They gave as their opinion that the collapse of the roof resulted from the weight of water impounded on the roof because of inadequacy of the size of the scupper to take care of the drainage directed to it.

Their opinions were arrived at after viewing the collapsed roof, its construction, etc., and applying thereto recognized engineering formulae. We will not attempt to set out the detailed and rather lengthy testimony of these witnesses. Suffice to say that an important factor in these calculations was the measurement of the scupper. One measured it at three inches by ten inches, another at four inches by eleven inches. The third did not testify as to the size of the scupper.

While two agreed on the overall size of the roof area, the third found it to be eight feet wider and eight feet larger than the other two.

Regardless, the testimony of these witnesses, not in accord in many material aspects with the testimony of plaintiff's witness, raised a question of fact within the province of the trier of fact to resolve.

In an effort to show the weather conditions on the night in question, the defendant introduced the meteorological records of Bates Field, and the weather station on the First National Bank Building. Bates Field is some eleven miles from the premises, and the First National Bank Building is some seven blocks.

These records indicate that 2.57 inches of rain fell at Bates Field during one of the one hour periods on the night in question, with the highest wind recorded being 46 miles per hour.

The rain gauge at the bank building showed that 4.30 inches of rain fell during the twenty-four hour period from 8:00 A.M., May 6, to 8:00 A.M., May 7, 1960. This gauge does not show any hourly rainfall but only the total for the twenty-four hour period.

For the defendant the meteorologist at Brookley Field, about half the distance from plaintiff's premises as is Bates Field, testified that the records at Brookley Field for the night in question showed a rainfall of .04 inches for the six hours preceding 11:50 P.M., on 6 May 1960, and a rainfall of 1.70 inches for the five hour period from 11:50 P.M., to 5:50 A.M., on 6-7 May. The wind gauge showed gusts of wind of a maximum of 31 miles per hour.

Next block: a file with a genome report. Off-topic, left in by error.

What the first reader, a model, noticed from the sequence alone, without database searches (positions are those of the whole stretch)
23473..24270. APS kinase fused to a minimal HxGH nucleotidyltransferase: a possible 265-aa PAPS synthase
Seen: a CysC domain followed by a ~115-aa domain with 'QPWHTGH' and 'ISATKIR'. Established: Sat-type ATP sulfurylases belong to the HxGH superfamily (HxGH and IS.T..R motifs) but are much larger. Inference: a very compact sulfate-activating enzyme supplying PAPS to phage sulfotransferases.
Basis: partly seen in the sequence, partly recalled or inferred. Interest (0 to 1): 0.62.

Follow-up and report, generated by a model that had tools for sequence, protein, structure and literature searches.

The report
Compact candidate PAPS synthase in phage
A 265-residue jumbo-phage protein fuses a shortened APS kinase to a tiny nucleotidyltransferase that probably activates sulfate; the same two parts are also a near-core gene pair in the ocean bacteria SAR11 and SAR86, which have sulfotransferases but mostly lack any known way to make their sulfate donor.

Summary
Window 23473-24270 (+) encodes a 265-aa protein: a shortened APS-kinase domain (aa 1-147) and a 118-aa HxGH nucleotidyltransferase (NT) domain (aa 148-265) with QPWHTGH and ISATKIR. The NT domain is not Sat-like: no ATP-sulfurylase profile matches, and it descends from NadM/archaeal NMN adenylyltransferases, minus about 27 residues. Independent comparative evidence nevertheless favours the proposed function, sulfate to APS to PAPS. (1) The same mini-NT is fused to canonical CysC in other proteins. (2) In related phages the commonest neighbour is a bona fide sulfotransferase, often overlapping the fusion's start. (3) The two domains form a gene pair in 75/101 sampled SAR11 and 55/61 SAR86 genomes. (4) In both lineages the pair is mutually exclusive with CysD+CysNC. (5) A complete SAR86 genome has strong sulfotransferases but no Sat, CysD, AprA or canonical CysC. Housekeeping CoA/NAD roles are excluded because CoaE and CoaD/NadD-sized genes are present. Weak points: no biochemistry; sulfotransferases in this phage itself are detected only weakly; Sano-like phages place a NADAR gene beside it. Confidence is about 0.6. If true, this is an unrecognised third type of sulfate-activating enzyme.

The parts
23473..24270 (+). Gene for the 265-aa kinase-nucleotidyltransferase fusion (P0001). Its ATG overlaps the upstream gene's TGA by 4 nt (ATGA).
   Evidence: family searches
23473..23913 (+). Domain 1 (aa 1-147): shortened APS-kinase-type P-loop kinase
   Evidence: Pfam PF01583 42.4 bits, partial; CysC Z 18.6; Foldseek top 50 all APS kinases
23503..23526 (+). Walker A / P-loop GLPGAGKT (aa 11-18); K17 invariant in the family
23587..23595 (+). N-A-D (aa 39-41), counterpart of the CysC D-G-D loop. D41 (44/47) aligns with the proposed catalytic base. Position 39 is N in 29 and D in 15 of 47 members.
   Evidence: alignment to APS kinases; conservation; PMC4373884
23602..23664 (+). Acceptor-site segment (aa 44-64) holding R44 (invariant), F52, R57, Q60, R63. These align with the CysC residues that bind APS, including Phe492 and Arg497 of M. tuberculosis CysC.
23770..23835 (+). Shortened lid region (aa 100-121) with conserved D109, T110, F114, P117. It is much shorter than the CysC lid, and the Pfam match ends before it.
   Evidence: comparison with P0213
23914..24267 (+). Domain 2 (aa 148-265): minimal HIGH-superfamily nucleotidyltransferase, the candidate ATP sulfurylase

In North British & Mercantile Ins. Co. v. Sciandra, Ltd., 256 Ala. 409, 54 So. 2d 764, 27 A.L.R.2d 1047, where the defense was, as in this case, that a roof collapsed from the weight of water upon it rather than from a windstorm, this court held that where the evidence tended to show that the velocity of the wind was as high as 31 miles per hour, it was for the trier of fact (jury) to determine whether such wind amounted to a windstorm. Clearly under all the evidence the existence of a windstorm in the present case was for the lower court and the evidence would justify the court's conclusion that there was a windstorm during the night in question.

Counsel for appellant however argue that a windstorm within the meaning of the policy of insurance is a wind of sufficient force and violence to damage property in a reasonable state of repair. In support of this contention counsel cite: Druggist Mutual Ins. Co. v. Baker, 254 S.W.2d 691 (Ct. of App.Ky., 1952); Pearson v. Aroostook County Patrons Mut. Fire Ins. Co., 149 Me. 313, 101 A.2d 183 (1953); Schaeffer v. Northern Assurance Co., Ltd., 177 S.W.2d 688 (S.Louis Ct.App., Mo., 1944).

Under the testimony of Pate it would appear that a question of fact as to *493 the structural state of the building was presented, even though the testimony of these witnesses was discordant with the testimony of the defendant's witnesses in this aspect.

This aside, where there are no limiting terms, "windstorm" in a policy of insurance has been defined by other courts in general as being a wind of such tumultuous force and sufficient velocity as to proximately cause injury to the insured's property. Albert Lea Ice & Fuel Co. v. United States Fire Ins. Co., 239 Minn. 198, 58 N.W.2d 614; Adams Apple Products Corp. v. National Union Fire Ins. Co., 170 Pa. Super. 269, 85 A.2d 702; Fidelity-Phenix Fire Ins. Co. v. Board of Education of Town of Rosedale, 201 Okl. 250, 204 P.2d 982; Lunn v. Indiana Lumbermen's Mut. Ins. Co., 184 Tenn. 584, 201 S.W.2d 978, 171 A.L.R. 259; Fireman's Ins. Co. of Newark, N. J. v. Weatherman (Tex.Civ.App.), 193 S.W.2d 247; Roach-Strayhan-Holland Post No. 20, etc. v. Continental Ins. Co., 237 La. 973, 112 So. 2d 680; Travelers Indem. Co. v. Wilkes County, 102 Ga.App. 362, 116 S.W.2d 314; Metropolitan Ice Cream Co. v. Union Mut. Fire Ins. Co., (Mo.App.) 210 S.W.2d 700; Gerhard v. Travelers Fire Ins. Co., 246 Wis. 625, 18 N.W.2d 336.

As stated by the Wisconsin court in the Gerhard case, supra: